Copyright Chris Frost 2019 | All Rights Reserved


Turpan has long been the centre of a fertile oasis (with water provided by the karez canal system) and an important trade centre. It was historically located along the Silk Road. At that time, other kingdoms of the region included Korla and Yanqi.

The Turpan Depression or Turfan Depression, is a fault-bounded trough located around and south of the city-oasis of Turpan, in the Xinjiang Autonomous Region in far Western China, about 150 kilometres (93 mi) southeast of the regional capital Ürümqi. It includes Lake Ayding, −154 metres (−505 ft), the second or third lowest depression on Earth. By some measures, it is also the hottest and driest area in China during the summer.

Breakfast was served outside in the hotel’s garden. Overhead, a carpet of vines cooled the air and softened the glare into pools of dappled sunlight. The temperature had already climbed to 40oC. After so many hours spent driving through deserts, the prospect of a drive into the Turpan Pendi, a desert of roasting rock and sand that covered the Depression, was surprisingly appealing.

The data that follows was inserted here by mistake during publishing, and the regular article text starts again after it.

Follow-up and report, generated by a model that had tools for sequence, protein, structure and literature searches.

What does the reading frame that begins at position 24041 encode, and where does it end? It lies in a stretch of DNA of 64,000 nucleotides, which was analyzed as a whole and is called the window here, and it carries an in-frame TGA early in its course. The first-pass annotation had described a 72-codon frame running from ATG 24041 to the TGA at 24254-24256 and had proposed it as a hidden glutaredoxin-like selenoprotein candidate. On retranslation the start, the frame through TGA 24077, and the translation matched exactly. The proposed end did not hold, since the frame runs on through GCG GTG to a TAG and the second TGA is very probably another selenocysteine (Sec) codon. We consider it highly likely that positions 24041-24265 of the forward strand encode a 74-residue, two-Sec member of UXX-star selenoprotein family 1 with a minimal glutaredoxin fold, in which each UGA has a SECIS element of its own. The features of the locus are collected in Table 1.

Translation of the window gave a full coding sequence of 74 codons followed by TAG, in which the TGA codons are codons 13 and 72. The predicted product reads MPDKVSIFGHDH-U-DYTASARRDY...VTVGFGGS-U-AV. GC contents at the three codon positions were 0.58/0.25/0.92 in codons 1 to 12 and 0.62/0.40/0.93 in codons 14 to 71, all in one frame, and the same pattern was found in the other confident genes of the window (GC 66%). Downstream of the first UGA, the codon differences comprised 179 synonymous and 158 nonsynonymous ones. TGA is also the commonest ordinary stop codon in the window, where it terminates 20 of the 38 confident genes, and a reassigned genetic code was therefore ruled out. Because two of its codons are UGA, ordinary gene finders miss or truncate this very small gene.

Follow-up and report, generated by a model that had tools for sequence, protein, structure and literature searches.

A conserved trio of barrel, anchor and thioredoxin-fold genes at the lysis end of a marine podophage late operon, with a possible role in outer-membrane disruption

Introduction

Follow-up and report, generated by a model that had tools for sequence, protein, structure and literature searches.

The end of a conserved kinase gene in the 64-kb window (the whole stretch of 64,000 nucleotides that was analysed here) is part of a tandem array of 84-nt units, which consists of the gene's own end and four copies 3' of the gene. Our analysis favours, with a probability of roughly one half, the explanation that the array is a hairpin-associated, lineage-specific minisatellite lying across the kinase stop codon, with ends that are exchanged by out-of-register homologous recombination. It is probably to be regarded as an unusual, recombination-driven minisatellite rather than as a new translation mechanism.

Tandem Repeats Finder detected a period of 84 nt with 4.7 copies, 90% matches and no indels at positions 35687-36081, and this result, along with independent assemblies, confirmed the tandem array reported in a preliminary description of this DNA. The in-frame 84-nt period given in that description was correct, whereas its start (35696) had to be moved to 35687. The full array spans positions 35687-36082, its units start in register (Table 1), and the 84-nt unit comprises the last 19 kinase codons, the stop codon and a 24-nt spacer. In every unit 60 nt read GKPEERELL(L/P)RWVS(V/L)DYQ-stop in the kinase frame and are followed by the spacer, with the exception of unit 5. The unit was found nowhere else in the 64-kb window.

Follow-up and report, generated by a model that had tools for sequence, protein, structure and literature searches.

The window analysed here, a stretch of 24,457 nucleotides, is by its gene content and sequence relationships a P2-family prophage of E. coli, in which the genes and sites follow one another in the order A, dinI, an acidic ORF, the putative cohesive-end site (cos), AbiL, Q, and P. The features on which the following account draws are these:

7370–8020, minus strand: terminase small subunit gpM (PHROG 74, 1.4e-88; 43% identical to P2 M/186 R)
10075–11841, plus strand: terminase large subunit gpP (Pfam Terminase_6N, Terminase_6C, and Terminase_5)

The morning was spent wandering around the bazaar. The heat sapped my energy, so I returned to the hotel to test the local melon juice and a bottle of chilled beer.

The minibus arrived promptly at five o’clock Beijing time with the temperature already at 45oC and the sun high in a cloudless sky. The road into the Turpan Pendi was very straight and metalled. The road surface glistened as though there had been recent rain. In fact, it was already little more than a river of molten tar.

Two hours later, the bus rattled to a halt at the Bizaklik Thousand Buddha Caves in the Moutou valley. This vast complex of Buddhist caves had been a prosperous centre of religious activity up to the 13th century, when it too had been abandoned. In most of the caves, there was ample evidence of the damage inflicted by vandals and Muslim fanatics on these caves over the centuries. Hundreds of the paintings had been desecrated with faces scratched off or daubed in mud because of the Muslim belief that the human countenance should never be represented in art. On one wall was graffiti stating that Voi le Coq had come here and removed whole paintings to Berlin, where they were safe from the Muslims, but not from the bombs dropped by the allied Air Forces during World War II.

Beyond the caves were the ruins of the city of Gaochang, a great centre of trade that was established a thousand years before Jesus Christ and abandoned in the sixteenth century as the economic importance of the Silk Road waned. Although the risks to the merchants that plied their trade along the Silk Road were great, they accepted those risks because the rewards were high. They faced raiders, inhospitable deserts, disease, endless sandstorms, lack of feed for their animals and high passes, but the profits to be gained kept the Silk Road alive.



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